So, too, repair and maintenance services — not at all sexy but critical to everyday life — are ripe for a massive transformation. The time is now because of the widespread market penetration of smartphones.
Take a page from the digital playbook.
Forget location, location, location. If you’re a property owner or manager, it should be all about technology, technology, technology. Remote and digital communication, quality control, invoicing and payment, GPS tracking, weather reports and more, all need to be integrated into the facilities management industry so commercial or residential buildings can consume services in a more efficient and fast way, and subcontractors and those who outsource them can be sourced and paid faster.
In other words, if you own and manage properties — it’s time to step away from the fax machine. If you’re not able to function digitally and remotely in today’s society, you’re going to be left in the dust — most especially post-Covid-19 when that expectation will be table stakes.
Buildings are coming back — hopefully, stronger than ever. In order to ensure this, property managers and service brokers must embrace automation — it’s time to find a technology partner that can help you automate your repair and maintenance service calls so they are more seamless, fast and trackable — and so your customers are more satisfied.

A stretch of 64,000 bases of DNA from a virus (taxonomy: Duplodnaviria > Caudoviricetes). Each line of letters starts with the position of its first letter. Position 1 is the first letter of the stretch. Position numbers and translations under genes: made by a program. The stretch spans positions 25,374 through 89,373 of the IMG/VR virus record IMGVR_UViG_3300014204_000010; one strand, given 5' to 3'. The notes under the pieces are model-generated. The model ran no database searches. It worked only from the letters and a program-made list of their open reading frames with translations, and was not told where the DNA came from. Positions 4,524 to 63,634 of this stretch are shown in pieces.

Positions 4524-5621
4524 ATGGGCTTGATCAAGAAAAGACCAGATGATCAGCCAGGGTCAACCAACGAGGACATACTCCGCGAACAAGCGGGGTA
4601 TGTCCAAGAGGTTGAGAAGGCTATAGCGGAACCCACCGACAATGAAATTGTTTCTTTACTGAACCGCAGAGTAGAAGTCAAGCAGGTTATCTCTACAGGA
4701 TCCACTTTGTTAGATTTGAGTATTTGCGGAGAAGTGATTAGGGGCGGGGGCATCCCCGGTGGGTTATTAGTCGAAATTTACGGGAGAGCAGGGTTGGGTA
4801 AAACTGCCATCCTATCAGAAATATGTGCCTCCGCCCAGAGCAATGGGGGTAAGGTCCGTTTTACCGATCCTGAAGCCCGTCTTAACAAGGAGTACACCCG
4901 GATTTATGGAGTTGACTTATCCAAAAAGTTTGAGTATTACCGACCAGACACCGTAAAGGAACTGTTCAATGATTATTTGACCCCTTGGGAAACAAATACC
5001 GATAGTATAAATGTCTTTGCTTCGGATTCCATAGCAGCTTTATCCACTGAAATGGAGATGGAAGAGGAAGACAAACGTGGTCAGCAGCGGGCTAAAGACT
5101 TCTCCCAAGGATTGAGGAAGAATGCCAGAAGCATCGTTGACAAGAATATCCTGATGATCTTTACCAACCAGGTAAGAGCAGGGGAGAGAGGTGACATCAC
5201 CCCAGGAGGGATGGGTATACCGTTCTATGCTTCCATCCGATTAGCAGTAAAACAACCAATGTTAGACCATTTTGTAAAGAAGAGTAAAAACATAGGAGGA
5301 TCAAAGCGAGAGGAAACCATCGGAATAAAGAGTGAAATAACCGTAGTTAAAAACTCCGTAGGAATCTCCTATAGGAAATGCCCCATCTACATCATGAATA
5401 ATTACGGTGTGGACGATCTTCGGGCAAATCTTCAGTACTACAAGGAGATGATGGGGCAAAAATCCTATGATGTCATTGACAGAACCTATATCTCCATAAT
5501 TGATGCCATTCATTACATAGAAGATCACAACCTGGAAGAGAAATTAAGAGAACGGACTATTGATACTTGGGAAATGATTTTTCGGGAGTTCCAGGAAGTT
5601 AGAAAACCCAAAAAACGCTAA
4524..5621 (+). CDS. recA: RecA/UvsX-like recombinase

In doing so, it’s key to find one that’s specifically built for — not adjacent to — your business. There are platforms that are built at the top of the supply chain (for facilities/buildings) and those built for the bottom (for contractors), and then there are those that sit in the middle of the supply chain (that broker transactions between the two constituencies). Based on where you sit, you should be looking for the right solution for your specific needs.
The intersection of smart technology with trusted contractor networks and reliable mobile applications will play a significant role in helping property managers facilitate efficient and successful repairs for their portfolios.